Unlike Choir, Lutwidge Finch contented himself with a seat rather than a private car. First class, of course, but not even his own compartment, merely the uncomfortable horsehair segment of a bench. The question that so bedeviled others, to face back or forward, as if that symbolized one's attitude toward life, a melancholy, retrospective brooding versus an uplifting, exhilarating, come-what-may heartiness, had never engaged him. He did like a meal, though, and was careful to bring his own, good bread and better pat», rather than entrust his appetite to the vagaries of the dining car. Besides, the line to Little Dipping did not even possess such a dubious amenity. It led nowhere, meandering further and further into what another writer has so aptly called, "The green heart of England," reminding him of nothing so much as a Shetland pony, with its amiable, ambling trot that, for all the commotion, carried it not so far, not so fast. To make up, perhaps, for this lack of speed, the engineer sounded his whistle frequently, calling to rural encampments along the way, where whole families came out to gawk, whether at the still-miraculous technology of steam locomotion or the smartly got-out city folk residing within, Finch could not say.
His parents, always so obliging, had received his cabled regrets with equanimity. "Business," they understood to mean personal business and, had he known, he would have been surprised at the leap their hopes took. For though he had a sister happily ensconced at the center of a growing family in Torquay, and a younger brother sworn to defend the seas from high atop the deck-like halls of Admiralty House, Lutwidge was the golden boy over whom they both marvelled and fretted; marvelled because of his sanguine temper, fretted because he oftentimes seemed not of this world, a changeling whose good nature was untainted by motive, unaffected by others, like a balloon drifting at that strange height it chooses, below the sky and above the earth, moving still through the air, touching nothing and letting nothing touch it. They worried, more prosaically, for his happiness.
All of which was to change, for he still felt secure in the promise he had extracted from Lady Tabitha. True, she had refused to wear his ring, and he had not heard from her since she left London, which puzzled him. He had sent several letters explaining his absence. Word had gotten back to him of Sir Roderick's eccentric decision to leave her his wealth, but to one as comfortable as Lutwidge this came only as pleasantly surprising news. He did not know his beloved well enough (not so well, in this sense, as Choir) to understand what a thunderclap this was to her. Had he suspected the turmoil she was in, he would certainly have written more seriously, congratulating, appreciating, and counseling her. He had, in truth, considered doing something like this. But it seemed vulgar. Money matters were best left unspoken, he felt. It had distressed him not that he was marrying a penniless girl (he had enough for them both), nor did it now change things that his fiance»e was soon to be an heiress of considerable means (so much the better.) Besides, the tragic business of Bradley's death had, understandably, distracted and preoccupied him these past weeks. He was still troubled by the business of Bradley's pet macaw, which he had gone to collect this morning and found missing, the door to its cage open.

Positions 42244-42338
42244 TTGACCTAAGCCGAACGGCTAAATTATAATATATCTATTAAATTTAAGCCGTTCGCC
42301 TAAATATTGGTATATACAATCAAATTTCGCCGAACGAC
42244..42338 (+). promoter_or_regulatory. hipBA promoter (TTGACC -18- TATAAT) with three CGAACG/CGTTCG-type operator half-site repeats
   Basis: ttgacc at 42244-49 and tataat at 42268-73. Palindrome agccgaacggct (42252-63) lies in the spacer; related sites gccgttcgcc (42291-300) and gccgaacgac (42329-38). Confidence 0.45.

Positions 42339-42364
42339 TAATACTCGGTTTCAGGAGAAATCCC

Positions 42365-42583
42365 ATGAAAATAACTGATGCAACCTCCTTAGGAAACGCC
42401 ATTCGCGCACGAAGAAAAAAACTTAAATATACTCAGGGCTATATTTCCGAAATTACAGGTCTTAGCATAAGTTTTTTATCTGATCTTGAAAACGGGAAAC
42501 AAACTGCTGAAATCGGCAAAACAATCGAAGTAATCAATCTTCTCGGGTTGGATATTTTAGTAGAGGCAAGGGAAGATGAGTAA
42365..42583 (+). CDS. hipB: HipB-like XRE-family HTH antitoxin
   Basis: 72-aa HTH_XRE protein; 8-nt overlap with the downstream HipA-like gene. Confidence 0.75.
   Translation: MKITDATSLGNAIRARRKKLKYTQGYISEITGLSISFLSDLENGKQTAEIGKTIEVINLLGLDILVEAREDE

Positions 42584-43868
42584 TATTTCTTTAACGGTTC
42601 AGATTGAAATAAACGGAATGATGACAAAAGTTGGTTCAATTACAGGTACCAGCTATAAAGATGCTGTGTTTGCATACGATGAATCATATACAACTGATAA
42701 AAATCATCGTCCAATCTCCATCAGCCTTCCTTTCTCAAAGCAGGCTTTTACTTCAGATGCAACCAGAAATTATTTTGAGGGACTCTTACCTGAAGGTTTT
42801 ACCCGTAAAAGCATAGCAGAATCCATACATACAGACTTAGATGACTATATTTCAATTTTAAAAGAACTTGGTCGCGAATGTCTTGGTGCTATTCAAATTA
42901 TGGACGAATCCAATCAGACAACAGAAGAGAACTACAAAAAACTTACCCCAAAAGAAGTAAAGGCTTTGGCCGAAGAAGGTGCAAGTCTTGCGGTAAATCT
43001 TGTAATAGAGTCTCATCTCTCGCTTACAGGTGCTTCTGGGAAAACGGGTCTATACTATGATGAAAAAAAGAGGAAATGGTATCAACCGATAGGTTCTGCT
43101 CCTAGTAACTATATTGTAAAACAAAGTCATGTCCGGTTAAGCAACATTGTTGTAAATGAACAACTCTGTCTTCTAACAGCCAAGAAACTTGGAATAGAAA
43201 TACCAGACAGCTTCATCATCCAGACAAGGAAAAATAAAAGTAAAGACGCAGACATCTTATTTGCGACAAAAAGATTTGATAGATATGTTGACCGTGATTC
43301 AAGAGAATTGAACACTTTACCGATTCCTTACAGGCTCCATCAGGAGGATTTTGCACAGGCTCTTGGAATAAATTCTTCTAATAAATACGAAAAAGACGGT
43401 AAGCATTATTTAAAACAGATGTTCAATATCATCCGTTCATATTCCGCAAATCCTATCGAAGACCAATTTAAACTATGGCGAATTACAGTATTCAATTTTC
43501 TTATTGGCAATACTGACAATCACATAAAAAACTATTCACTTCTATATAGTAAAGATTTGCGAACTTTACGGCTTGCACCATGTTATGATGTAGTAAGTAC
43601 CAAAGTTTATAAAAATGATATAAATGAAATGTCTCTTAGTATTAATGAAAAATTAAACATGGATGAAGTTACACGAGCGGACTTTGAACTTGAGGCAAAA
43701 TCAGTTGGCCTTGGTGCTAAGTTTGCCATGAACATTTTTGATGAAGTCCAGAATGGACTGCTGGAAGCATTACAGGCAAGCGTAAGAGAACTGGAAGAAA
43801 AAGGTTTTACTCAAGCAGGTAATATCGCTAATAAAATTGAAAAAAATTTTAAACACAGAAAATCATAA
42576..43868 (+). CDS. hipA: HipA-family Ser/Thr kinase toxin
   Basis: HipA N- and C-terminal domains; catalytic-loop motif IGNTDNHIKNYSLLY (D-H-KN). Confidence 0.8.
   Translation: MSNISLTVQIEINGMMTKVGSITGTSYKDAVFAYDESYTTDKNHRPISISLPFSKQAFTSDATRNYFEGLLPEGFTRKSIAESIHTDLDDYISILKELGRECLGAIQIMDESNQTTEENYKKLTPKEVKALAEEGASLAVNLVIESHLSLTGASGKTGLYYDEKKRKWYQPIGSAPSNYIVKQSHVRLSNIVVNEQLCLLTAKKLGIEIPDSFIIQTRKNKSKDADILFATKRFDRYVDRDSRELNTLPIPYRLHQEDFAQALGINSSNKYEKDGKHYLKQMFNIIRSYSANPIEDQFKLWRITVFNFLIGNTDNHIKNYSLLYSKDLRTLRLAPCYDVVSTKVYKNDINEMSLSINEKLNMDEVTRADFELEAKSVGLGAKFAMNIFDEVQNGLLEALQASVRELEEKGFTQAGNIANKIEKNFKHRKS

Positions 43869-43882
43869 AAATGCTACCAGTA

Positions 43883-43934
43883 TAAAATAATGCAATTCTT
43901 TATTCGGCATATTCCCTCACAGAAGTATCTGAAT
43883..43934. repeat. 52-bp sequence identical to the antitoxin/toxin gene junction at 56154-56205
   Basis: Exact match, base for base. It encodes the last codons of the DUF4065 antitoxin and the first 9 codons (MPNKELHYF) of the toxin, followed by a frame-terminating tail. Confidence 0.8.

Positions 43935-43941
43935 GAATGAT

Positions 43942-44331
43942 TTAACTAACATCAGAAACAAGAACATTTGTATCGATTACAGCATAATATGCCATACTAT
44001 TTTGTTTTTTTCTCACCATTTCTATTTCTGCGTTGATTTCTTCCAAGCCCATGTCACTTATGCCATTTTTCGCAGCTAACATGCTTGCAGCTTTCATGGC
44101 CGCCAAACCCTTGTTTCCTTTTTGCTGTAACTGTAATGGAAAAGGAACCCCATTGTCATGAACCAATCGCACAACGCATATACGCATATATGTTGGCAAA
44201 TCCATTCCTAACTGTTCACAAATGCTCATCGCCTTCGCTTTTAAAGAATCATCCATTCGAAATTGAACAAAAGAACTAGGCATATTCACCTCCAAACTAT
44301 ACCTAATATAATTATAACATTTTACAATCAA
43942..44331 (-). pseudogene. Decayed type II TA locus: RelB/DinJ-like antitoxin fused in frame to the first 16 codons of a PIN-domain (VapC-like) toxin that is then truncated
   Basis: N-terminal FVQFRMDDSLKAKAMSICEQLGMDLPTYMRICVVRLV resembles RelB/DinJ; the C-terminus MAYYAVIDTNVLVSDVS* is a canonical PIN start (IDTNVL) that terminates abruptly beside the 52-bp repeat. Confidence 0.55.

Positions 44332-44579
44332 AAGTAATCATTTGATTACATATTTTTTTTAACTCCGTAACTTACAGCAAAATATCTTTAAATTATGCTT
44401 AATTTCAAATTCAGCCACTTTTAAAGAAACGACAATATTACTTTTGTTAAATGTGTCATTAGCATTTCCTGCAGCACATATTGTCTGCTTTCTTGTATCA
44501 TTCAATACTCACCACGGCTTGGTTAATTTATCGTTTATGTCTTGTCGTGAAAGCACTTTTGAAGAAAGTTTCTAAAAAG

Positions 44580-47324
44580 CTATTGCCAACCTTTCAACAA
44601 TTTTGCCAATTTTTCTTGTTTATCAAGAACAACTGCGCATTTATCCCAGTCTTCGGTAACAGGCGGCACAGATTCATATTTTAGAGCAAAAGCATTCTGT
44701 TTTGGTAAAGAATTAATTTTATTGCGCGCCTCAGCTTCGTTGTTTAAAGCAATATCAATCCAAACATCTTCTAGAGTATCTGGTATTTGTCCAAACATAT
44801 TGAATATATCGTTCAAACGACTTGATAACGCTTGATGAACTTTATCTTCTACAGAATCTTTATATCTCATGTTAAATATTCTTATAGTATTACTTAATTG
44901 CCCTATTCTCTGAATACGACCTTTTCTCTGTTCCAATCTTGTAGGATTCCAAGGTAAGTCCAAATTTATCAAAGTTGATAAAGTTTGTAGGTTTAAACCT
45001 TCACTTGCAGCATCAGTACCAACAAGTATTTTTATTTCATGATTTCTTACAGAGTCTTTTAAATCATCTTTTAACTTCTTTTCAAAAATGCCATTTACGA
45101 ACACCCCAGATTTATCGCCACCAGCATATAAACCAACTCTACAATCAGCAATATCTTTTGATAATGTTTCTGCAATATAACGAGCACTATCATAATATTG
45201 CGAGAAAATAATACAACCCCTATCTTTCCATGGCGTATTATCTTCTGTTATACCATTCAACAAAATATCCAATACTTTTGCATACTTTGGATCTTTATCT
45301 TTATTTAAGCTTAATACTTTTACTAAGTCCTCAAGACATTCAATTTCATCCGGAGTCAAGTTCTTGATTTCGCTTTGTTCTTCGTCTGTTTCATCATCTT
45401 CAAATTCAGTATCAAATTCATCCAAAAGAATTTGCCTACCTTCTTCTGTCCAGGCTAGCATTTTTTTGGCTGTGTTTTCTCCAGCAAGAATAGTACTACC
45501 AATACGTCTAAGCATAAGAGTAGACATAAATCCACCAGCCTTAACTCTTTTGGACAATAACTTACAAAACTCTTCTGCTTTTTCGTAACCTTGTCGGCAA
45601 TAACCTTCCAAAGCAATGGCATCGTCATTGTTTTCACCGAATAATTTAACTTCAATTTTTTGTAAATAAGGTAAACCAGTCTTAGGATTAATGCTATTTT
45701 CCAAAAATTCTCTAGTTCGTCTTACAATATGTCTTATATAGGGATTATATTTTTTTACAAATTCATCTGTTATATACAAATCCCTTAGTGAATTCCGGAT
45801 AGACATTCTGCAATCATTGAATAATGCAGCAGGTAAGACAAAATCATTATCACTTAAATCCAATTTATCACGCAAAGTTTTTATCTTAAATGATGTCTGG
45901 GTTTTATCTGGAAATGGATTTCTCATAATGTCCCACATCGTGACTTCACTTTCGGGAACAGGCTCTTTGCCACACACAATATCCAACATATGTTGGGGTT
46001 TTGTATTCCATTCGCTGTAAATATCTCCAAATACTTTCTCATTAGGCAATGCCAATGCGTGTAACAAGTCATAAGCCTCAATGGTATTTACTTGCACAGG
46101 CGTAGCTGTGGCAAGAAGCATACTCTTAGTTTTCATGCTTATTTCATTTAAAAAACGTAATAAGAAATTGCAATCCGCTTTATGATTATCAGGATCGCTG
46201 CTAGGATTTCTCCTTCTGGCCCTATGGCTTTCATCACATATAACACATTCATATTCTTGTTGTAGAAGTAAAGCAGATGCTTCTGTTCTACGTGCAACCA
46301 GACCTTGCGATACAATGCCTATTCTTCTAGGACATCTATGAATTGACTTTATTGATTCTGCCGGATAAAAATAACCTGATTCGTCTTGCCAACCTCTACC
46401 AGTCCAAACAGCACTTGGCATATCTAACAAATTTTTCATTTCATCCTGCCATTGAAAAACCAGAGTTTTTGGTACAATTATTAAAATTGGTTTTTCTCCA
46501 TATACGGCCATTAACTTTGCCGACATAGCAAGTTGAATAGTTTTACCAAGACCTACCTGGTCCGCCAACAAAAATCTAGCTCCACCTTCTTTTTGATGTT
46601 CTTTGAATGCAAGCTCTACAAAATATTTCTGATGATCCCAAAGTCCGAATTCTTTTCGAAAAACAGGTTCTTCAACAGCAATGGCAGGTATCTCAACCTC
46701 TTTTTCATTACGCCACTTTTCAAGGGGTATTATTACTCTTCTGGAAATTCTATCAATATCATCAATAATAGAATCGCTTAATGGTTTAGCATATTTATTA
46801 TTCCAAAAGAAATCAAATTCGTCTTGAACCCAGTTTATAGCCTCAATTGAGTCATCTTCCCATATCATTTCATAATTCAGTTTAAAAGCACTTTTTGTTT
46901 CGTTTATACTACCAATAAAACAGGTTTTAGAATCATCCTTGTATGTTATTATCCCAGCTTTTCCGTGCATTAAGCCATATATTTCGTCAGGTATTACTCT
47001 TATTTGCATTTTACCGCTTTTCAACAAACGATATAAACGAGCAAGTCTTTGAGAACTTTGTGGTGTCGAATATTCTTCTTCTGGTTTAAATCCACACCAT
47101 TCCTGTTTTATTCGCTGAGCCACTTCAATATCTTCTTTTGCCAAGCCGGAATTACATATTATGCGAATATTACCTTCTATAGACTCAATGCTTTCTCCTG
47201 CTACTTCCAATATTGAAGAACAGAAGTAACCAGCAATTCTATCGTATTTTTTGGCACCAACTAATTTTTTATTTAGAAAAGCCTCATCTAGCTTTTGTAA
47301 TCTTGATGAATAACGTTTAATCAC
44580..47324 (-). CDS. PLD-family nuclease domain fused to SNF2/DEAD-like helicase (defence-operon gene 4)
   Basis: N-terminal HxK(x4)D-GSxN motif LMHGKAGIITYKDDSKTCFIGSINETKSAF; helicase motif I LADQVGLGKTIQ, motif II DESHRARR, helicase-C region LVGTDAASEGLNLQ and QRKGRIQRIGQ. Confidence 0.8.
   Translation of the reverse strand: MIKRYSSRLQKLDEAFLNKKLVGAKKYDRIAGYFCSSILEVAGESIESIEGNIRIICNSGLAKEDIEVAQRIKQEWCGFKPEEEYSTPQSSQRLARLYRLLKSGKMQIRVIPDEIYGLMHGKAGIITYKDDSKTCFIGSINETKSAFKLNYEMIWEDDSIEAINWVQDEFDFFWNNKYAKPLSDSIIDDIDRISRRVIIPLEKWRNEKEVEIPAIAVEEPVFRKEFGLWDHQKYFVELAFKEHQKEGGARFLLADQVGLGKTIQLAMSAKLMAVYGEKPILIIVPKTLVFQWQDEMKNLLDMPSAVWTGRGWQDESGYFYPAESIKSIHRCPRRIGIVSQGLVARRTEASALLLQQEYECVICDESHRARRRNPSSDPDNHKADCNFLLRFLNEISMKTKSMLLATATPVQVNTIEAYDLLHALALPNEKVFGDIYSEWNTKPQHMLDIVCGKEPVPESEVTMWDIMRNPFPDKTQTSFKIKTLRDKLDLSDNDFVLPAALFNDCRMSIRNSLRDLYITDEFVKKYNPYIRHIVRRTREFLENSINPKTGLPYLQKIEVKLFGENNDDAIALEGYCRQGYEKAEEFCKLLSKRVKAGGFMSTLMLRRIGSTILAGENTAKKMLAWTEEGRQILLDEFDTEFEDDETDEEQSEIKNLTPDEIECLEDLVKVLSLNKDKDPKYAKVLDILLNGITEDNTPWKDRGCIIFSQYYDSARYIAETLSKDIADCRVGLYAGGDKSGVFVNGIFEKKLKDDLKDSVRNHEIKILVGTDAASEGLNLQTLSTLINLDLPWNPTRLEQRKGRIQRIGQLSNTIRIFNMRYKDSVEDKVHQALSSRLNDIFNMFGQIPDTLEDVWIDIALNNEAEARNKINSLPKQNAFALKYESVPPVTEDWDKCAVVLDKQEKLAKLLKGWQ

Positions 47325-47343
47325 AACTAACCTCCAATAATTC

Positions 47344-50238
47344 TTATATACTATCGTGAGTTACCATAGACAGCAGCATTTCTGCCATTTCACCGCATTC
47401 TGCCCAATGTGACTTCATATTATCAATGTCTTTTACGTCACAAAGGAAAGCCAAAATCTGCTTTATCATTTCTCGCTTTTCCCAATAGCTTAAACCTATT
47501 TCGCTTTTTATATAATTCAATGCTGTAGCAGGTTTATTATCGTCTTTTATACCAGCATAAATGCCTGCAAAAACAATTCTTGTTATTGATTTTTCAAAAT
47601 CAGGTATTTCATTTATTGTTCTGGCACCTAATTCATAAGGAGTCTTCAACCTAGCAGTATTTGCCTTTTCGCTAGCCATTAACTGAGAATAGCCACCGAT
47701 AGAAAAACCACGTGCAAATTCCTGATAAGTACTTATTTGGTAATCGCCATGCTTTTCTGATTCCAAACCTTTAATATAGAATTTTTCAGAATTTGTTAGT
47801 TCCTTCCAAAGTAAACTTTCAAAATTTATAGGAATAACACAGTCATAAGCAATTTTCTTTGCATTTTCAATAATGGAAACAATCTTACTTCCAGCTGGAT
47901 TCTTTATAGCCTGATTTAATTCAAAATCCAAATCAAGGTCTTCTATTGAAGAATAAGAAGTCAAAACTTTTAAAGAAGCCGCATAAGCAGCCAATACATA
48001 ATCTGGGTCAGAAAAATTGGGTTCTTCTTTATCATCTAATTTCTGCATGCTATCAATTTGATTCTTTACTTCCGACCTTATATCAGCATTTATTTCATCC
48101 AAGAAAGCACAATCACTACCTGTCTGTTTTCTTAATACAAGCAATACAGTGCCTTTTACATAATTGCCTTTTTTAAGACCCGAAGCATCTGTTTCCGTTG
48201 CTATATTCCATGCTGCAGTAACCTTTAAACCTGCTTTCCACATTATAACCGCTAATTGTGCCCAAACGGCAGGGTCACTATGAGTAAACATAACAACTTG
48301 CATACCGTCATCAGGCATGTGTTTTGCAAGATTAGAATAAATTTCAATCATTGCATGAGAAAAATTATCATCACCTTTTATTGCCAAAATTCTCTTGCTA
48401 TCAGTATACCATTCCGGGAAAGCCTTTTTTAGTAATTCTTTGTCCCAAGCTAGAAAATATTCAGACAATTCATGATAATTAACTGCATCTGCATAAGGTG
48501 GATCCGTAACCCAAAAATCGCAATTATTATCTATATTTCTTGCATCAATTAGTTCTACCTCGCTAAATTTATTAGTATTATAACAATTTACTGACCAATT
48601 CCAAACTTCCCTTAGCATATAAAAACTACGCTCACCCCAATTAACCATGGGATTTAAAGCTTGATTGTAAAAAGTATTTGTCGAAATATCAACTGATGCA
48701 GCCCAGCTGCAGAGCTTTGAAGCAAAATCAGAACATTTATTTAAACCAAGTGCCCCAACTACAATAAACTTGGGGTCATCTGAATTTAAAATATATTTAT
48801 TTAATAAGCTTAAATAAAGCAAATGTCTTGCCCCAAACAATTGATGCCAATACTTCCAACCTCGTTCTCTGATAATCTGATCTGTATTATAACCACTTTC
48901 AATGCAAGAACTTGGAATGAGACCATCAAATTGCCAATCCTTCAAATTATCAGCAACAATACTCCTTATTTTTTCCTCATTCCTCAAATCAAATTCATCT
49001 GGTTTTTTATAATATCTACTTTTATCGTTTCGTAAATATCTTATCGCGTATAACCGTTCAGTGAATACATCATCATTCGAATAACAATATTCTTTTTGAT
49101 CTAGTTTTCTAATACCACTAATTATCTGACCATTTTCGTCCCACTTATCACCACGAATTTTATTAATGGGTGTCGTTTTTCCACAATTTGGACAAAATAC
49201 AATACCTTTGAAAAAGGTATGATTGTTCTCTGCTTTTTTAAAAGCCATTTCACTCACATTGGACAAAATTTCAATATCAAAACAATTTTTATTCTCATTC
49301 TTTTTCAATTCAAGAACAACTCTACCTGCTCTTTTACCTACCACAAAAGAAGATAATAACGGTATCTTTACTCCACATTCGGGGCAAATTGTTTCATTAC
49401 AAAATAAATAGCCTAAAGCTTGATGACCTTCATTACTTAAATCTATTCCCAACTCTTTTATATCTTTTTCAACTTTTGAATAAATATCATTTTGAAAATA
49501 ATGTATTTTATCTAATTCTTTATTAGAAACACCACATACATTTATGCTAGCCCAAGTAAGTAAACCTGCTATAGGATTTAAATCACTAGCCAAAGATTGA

"Spavin!" the conductor called. "Little Dipping next!"
He munched contentedly, watching the landscape slow. Trees grew right over the telegraph line, so eager were they to bask in the sunshine of the cleared track. Leaves and flowers jostled each other, bees floated, and birds darted, stopping unpredictably, making streaks of color, wild marks of punctuation, flourishes at the end of gorgeous, unreadable sentences.
"Cider, guvnor?" an old man walking along the platform asked. He held a tray with brimming clay cups.
"Yes, why not?" Finch handed him a coin.